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Don A. Swofford


At a Glance

Class Year: 1969

Award Year: 2018

Degree: Bachelor of Architecture

Profession: Architect

Biography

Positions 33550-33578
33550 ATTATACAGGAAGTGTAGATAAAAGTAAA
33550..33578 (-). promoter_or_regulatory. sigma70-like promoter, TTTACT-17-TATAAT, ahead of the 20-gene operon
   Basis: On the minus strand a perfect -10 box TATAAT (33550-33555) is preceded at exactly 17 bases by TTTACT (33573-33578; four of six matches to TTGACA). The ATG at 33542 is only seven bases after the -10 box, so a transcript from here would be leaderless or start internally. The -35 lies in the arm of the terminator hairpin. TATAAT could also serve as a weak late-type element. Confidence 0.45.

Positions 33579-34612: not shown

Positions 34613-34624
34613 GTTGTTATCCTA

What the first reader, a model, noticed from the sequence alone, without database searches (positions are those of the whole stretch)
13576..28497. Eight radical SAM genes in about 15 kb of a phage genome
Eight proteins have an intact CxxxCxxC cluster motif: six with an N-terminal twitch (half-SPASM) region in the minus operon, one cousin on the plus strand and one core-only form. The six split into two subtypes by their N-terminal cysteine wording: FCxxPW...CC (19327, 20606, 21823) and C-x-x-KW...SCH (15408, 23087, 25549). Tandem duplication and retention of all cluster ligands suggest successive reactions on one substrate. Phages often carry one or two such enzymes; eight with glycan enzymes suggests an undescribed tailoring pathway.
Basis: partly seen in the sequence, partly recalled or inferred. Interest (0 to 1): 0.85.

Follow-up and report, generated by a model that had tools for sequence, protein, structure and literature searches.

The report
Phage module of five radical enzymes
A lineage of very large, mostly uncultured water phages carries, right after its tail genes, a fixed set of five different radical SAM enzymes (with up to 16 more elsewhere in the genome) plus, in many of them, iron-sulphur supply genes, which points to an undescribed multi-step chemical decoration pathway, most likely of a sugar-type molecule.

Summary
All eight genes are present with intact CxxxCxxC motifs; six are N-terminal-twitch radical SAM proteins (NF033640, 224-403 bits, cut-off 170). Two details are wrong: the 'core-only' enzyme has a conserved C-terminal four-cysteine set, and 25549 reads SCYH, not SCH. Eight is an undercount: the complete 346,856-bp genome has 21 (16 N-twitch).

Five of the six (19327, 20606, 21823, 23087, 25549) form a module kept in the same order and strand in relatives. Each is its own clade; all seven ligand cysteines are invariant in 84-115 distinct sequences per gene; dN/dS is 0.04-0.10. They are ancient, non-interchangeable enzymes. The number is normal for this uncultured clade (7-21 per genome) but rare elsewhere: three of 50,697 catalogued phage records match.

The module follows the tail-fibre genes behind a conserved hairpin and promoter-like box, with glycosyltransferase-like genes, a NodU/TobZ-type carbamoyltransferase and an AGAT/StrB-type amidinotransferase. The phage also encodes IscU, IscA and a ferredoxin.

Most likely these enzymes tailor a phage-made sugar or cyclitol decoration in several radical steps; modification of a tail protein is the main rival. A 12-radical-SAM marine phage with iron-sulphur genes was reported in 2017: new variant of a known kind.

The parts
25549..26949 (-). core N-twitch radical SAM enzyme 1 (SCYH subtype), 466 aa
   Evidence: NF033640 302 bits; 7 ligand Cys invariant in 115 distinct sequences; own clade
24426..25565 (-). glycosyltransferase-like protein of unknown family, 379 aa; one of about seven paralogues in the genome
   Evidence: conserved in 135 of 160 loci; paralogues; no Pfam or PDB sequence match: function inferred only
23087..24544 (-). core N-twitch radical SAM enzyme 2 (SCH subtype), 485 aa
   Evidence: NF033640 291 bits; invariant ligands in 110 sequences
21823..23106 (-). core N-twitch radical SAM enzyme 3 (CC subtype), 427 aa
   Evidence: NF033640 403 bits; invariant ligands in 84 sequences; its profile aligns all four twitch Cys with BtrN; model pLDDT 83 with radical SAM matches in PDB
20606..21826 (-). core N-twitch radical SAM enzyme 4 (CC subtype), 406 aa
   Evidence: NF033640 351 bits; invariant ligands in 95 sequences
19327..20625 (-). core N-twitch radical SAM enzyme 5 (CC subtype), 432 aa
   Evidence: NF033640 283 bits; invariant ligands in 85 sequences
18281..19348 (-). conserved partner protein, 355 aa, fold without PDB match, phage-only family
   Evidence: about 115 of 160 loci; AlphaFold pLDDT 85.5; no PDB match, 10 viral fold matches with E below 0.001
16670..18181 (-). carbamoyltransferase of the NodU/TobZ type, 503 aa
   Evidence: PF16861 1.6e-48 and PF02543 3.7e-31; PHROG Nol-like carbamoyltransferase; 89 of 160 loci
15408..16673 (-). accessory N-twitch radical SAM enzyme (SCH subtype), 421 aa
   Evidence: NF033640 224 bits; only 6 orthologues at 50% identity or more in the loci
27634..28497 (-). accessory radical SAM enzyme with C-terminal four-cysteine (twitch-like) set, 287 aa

Don Swofford, who earned a Bachelor of Architecture degree in 1970, is a widely acknowledged national leader in historic preservation and restoration. As the head of a firm that bears his name, Swofford restored three Virginia courthouses designed by Thomas Jefferson, the home of president James Monroe, and many additional structures of historic significance. “No one has done more to preserve the heritage left behind by the founding fathers of the U.S.,” said Ronald Skaggs ‘65, Chairman Emeritus of HKS Architects and a Outstanding Alumnus of the College of Architecture. After earning his degree at Texas A&M, Swofford quickly became a historic preservation pioneer. As a young member of the city of Dallas’ Urban Design Division, Swofford authored a historic landmark program and oversaw the establishment of Swiss Avenue, an east Dallas neighborhood founded in the early 20th century, as one of the nation’s premier historic districts. He also compelled policymakers to preserve The Texas School Book Depository, which a federal commission identified as the structure from which Lee Harvey Oswald assassinated president John F. Kennedy. Swofford then performed restorations of National Historic Landmark structures throughout Virginia as an architect in a firm led by Milton L. Grigg, a member of the prestigious American Institute of Architects’ College of Fellows. Later, as the head of his own firm, Swofford continued to preserve major, historic buildings such as the home of statesman and soldier Gen. George C. Marshall, and the Virginia location where Gen. Robert E. Lee surrendered to Gen. Ulysses S. Grant to end the Civil War. He also designs new courthouses and residences that reference classic U.S. building styles. A member of the American Institute of Architects, he was elevated to its prestigious College of Fellows in 2000. Swofford also advances sound practice in historic preservation and interpretation of the nation’s rich cultural heritage as a founding and sustaining professional fellow at Texas A&M’s Center for Heritage Conservation.